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Brexit opportunities, not opportunism, are needed

Boris Johnson’s government has decided it needs a minister to seek out opportunities brought by Brexit – which is strange because in the run-up to the 2016 referendum, UK voters were given a list of Brexit dividends under the guise of taking back control. So far, tangible benefits include a return to traditional blue British passports. Jacob Rees-Mogg, an ardent Brexiter and Johnson loyalist, has been given the new brief of Minister for Brexit opportunities. His first move was to ask readers of the Sun newspaper if they had any ideas. This is an opportunist appointment by a government that is rapidly losing control.

If nothing else, Rees-Mogg’s appointment shows that at least one job has been created by Brexit. His sideways move, part of a mini reshuffle, also succeeded in temporarily diverting attention from the fact that Johnson is part of a police investigation into the alleged breaking of his own lockdown rules.

Rees-Mogg has previously said that it will take 50 years to feel the benefits of Brexit. But voters, and restive backbenchers whose support Johnson needs, are keen to see the upside sooner. In the week that Northern Ireland’s first minister quit over the post-Brexit trade arrangement, there were tailbacks of lorries at Dover in part due to increased border checks, and a select committee found that all leaving the bloc has delivered so far is costs and delays , there is pressure to demonstrate the pros to Brexit amid ample evidence of cons.

The problem is that Rees-Mogg is right in his assessment that any benefits will take time to accrue. They will probably be incremental. That is a difficult political message to sell for even the most trusted leader, which Johnson is not. There are areas where the UK could strike out on its own path, but it will be an arduous task to unearth regulations that derive solely from the EU and whose rollback will deliver genuine net benefits. Lower standards may create higher risks. There is also the danger that jettisoning rules – as suggested in data regulation – imperils access across the Channel.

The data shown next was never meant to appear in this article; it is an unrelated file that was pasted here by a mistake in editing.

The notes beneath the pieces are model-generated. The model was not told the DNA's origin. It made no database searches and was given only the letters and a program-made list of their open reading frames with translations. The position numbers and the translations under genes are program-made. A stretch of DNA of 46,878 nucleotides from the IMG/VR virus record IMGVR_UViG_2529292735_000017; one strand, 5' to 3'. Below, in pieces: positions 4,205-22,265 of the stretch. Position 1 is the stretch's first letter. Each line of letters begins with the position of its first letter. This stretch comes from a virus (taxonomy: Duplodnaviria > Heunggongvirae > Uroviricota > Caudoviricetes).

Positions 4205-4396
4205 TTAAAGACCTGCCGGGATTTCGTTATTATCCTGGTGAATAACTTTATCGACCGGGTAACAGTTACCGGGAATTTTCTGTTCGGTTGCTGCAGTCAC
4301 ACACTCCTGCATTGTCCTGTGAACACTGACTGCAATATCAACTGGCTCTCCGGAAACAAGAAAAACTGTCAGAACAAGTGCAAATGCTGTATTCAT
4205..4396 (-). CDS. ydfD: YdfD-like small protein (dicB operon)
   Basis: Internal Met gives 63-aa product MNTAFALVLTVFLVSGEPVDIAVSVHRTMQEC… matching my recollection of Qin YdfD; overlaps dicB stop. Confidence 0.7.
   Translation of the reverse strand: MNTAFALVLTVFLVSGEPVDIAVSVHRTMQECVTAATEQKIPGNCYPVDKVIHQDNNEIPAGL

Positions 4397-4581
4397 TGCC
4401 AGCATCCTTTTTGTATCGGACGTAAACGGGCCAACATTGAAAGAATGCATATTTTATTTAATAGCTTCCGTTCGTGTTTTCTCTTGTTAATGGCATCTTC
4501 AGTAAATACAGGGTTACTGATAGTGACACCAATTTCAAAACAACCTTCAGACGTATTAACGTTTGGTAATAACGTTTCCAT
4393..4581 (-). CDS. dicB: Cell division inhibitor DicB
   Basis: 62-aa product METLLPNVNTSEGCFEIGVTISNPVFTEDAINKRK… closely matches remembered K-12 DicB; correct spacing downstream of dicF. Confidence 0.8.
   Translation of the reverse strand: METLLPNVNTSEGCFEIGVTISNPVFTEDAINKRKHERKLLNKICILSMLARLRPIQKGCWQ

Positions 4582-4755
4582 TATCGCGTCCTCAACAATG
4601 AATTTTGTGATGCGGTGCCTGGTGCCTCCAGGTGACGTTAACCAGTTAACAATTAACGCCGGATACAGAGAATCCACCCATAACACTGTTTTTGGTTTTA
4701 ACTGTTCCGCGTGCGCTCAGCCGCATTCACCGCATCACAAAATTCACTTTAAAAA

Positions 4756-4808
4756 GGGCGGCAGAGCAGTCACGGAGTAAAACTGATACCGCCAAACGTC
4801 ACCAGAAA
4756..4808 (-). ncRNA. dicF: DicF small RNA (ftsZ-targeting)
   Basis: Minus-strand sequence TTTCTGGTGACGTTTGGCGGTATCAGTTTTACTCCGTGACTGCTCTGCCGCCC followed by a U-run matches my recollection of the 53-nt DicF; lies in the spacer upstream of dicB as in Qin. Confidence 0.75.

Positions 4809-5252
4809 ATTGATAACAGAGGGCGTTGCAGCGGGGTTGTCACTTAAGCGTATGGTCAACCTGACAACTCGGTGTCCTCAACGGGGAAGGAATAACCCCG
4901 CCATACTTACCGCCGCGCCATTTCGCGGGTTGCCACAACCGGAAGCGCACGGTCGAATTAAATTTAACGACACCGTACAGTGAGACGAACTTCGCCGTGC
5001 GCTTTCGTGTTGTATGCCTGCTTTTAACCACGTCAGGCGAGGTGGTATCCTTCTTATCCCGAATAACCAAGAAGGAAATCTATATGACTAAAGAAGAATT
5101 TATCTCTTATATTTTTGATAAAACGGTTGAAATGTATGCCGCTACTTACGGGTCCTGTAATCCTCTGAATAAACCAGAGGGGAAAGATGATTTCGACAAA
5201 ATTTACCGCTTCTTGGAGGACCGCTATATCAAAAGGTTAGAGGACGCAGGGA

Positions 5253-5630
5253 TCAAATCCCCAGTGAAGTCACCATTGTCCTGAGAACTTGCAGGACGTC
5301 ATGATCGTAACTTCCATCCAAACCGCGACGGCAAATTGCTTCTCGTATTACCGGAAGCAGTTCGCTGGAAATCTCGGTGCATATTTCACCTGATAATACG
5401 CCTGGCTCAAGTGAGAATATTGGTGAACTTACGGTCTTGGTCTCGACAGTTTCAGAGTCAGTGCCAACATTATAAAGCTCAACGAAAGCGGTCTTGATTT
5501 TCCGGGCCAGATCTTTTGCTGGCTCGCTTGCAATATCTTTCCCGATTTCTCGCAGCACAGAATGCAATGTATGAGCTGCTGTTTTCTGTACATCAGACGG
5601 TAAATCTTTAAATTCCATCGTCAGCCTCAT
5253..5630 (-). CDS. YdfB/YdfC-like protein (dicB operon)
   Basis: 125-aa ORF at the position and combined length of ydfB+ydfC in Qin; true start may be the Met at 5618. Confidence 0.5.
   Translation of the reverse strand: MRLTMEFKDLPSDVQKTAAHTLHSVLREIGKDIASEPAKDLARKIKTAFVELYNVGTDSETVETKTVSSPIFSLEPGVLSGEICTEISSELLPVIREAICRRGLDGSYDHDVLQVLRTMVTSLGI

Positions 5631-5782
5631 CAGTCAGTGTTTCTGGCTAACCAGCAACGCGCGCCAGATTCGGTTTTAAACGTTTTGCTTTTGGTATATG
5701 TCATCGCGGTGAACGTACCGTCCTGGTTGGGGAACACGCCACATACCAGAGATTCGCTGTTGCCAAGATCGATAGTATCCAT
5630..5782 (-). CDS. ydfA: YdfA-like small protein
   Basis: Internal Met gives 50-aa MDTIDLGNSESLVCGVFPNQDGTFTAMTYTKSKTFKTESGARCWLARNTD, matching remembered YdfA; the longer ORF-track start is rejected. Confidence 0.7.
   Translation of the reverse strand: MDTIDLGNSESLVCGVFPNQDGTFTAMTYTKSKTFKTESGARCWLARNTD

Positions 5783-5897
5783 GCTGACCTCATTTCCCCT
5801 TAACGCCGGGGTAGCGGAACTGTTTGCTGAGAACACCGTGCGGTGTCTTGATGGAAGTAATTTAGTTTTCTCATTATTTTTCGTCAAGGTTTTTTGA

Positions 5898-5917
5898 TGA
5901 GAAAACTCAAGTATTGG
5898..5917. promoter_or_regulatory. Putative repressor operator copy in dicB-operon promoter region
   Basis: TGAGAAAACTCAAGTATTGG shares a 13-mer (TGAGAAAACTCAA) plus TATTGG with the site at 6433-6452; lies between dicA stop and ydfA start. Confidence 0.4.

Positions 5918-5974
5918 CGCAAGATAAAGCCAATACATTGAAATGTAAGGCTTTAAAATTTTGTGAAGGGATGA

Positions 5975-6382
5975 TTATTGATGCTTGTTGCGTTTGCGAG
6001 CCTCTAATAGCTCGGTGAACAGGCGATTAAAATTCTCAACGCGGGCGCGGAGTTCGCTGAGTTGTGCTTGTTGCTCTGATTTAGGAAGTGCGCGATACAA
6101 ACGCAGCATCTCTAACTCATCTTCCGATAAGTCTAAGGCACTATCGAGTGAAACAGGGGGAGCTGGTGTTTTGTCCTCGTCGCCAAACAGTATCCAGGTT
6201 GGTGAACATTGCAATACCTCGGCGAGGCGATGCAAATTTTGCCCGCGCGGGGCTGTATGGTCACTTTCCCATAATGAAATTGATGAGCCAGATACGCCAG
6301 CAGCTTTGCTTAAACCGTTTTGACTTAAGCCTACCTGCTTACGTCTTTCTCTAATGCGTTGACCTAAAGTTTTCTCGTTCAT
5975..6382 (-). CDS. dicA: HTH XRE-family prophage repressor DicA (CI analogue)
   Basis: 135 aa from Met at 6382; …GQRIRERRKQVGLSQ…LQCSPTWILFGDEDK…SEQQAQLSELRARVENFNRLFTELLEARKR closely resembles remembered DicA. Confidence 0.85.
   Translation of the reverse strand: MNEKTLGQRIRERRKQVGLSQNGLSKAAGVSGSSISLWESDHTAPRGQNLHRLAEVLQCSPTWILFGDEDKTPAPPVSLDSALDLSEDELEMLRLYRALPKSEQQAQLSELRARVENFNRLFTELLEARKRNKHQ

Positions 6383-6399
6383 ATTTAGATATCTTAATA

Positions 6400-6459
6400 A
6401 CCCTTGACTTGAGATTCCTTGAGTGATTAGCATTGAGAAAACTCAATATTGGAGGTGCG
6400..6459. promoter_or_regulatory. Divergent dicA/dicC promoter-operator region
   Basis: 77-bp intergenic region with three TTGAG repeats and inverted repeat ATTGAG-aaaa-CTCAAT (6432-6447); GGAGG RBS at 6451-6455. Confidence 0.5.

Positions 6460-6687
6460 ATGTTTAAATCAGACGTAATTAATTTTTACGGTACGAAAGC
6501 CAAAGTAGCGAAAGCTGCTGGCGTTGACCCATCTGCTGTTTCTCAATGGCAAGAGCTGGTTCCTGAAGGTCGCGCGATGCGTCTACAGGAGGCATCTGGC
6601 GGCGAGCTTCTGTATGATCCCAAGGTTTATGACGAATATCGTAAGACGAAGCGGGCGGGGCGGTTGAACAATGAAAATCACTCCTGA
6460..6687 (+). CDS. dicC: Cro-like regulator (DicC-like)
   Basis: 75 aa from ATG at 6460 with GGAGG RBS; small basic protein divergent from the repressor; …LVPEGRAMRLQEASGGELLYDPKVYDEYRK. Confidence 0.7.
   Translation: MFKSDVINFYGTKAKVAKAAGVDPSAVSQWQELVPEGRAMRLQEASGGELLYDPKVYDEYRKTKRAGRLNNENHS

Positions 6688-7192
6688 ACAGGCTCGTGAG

Financial services is a case in point. Many companies worry about too much divergence away from EU rules because they still sell their services into the bloc. A different system means more cost and red tape, not less. Elements of regulation can be changed to the benefit of UK companies – an overhaul of the EU Solvency 2 insurance regime being a good example, which even the Bank of England concedes has merit – but the bigger picture is one where many overarching standards are set at a global, not EU, level.

Rees-Mogg has been told to find 1,000 pieces of regulation to scrap. That is the wrong premise. Far better would be to find areas where EU frameworks are yet to be fully implemented and where robust yet proportionate new rules could play to the UK strengths: artificial intelligence and gene editing are two examples.

Most of all, redesigning the UK’s post-Brexit regulatory architecture requires honesty about what needs fixing. Even in his Sun plea, Rees-Mogg claimed that the UK’s successful vaccine rollout during the pandemic was down to Brexit. In fact, the UK – even if subject to political pressure – would have been legally able to eschew the EU vaccine program if it were still part of the bloc. Charting a course after Brexit to benefit the UK is possible but requires sensible discussion and painstaking mastery of the detail. Instead, to lead the charge, Johnson has chosen an arch-Brexiter, who excels in performative debates that boil down to tired tropes of Remoaners and sovereignty. Sadly, the joke is on the public.

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